If you’re really keen on understanding watering check out The Scientist’s Garden.
Know of other automated irrigation systems that don’t require electronics? Please comment.
Others I know of include siphon watering timers where water is dripped into a siphon container and once the water level reaches the siphon outlet it over flows, siphoning water to plants, empties, and then starts the drip timer process again.
Personally I like evapotranspiration controllers like Aqualone. Before I knew about theirs I made one of my own design that’s more redundant, but I’m trying to simplify it to come up with a good design that doesn’t require magnets, or like mine; pressure valves. Ideally I want one that anyone could make that will hold mains (500 kPa) pressure and be easily made by anyone anywhere.
David The Good is in a hurry to help his trees in this one and he inspired an interesting comment by Garden Earth Guy that piqued my interest and so I had to research further.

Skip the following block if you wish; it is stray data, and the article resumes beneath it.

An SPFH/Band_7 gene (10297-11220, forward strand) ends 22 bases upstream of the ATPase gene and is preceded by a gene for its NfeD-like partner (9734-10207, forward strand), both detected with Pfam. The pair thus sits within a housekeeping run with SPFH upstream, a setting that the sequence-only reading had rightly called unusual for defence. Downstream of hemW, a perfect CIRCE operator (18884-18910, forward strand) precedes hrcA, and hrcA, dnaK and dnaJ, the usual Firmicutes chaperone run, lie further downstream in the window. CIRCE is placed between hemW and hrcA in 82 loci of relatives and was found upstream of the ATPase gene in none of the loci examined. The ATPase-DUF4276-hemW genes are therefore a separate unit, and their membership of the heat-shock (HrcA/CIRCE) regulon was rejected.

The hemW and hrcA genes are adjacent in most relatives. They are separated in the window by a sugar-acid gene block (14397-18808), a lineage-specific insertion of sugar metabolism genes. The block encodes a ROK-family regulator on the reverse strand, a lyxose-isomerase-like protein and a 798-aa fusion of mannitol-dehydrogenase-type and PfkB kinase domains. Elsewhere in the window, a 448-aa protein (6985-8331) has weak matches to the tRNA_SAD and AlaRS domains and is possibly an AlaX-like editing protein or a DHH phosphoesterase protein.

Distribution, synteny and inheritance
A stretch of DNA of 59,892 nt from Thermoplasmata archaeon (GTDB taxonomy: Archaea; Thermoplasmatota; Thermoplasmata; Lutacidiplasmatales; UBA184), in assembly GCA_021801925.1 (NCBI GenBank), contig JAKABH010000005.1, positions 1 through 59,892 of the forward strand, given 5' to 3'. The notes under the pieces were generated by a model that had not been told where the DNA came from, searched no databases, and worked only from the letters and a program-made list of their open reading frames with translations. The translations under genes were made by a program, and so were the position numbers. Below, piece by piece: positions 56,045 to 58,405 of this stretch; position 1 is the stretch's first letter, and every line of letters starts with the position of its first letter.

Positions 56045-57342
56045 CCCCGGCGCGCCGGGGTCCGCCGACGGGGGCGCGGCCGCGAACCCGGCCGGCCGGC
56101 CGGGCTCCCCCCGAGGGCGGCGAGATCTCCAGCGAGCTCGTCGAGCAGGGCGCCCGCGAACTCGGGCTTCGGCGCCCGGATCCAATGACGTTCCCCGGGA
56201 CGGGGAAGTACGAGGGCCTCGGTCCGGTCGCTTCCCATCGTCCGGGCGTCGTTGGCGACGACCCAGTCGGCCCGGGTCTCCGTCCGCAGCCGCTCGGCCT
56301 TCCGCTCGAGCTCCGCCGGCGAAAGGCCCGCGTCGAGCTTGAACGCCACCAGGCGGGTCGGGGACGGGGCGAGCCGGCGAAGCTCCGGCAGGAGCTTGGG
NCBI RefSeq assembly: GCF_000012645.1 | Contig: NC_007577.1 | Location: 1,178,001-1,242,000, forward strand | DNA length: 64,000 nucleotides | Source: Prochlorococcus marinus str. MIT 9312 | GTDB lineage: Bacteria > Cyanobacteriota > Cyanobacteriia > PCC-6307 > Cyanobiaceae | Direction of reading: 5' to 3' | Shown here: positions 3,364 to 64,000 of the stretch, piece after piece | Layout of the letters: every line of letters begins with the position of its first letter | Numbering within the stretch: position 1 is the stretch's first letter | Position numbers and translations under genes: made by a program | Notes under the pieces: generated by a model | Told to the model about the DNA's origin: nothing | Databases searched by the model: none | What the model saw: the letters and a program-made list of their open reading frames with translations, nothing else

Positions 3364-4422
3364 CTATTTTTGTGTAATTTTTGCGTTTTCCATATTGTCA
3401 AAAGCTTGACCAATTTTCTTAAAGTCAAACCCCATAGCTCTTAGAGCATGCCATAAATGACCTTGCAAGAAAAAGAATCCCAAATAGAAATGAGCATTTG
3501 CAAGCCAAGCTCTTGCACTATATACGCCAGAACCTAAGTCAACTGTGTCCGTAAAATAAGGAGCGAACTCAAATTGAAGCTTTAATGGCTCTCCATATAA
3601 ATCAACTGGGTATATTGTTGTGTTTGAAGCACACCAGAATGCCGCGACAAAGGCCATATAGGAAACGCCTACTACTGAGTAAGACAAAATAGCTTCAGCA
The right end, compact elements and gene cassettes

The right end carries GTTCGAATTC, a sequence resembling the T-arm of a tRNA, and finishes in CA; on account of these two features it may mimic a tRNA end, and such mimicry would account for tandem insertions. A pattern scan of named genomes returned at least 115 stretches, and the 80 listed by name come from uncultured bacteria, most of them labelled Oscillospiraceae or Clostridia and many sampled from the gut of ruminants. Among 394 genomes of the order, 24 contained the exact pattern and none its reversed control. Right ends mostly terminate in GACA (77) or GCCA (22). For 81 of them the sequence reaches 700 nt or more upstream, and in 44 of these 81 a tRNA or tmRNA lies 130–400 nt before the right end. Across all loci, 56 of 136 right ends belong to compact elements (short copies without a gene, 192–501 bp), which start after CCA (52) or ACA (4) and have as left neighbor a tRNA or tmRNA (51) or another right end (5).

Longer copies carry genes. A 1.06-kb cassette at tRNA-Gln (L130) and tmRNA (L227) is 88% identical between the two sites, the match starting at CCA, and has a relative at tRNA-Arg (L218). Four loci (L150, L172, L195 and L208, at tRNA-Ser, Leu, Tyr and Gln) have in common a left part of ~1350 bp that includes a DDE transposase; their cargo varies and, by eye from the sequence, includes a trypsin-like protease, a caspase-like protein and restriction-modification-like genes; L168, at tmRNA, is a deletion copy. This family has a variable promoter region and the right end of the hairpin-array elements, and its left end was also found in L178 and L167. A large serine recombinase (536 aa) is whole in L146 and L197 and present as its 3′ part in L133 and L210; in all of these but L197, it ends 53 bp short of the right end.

Here’s Garden Earth Guy:
When I used to manage sports fields and large parks- I would place to magnets on the irrigation line. When the water passes through magnets it creates ions, much like how things green up after an electrical storm.
After a bit of digging I found that this could actually work, with a caveat. It depends on the water harness (calcium carbonate > 50 mg/L) and alkalinity (pH >7.2) of the water source. Seems the divalent ions (Calcium and Magnesium) that make water hard, and whether your soils are also high in these and alkaline, determines how effective this is.
In addition to the Ca+Mg, one drip irrigation study with magnetically treated water also showed phosphorus solubility almost doubled inside the water front, and that suggests an effective pH change toward neutral. Interestingly, with the increase in phosphorus at the edge of the water front (where there’s air) there was also almost a doubling of nitrate compared to control. Nitrate was ~4x higher at the edge than close to the dripper.
So by magnetically treating your water, you’re effectively lowering your Ca+Mg in alkaline soil which brings the soil closer to neutral pH and increases phosphorus availability. Simples.
So if your soil or water is alkaline this should work great for you, but if they’re not, it may do little or in fact be negative in the long term. Measure your soil pH to know.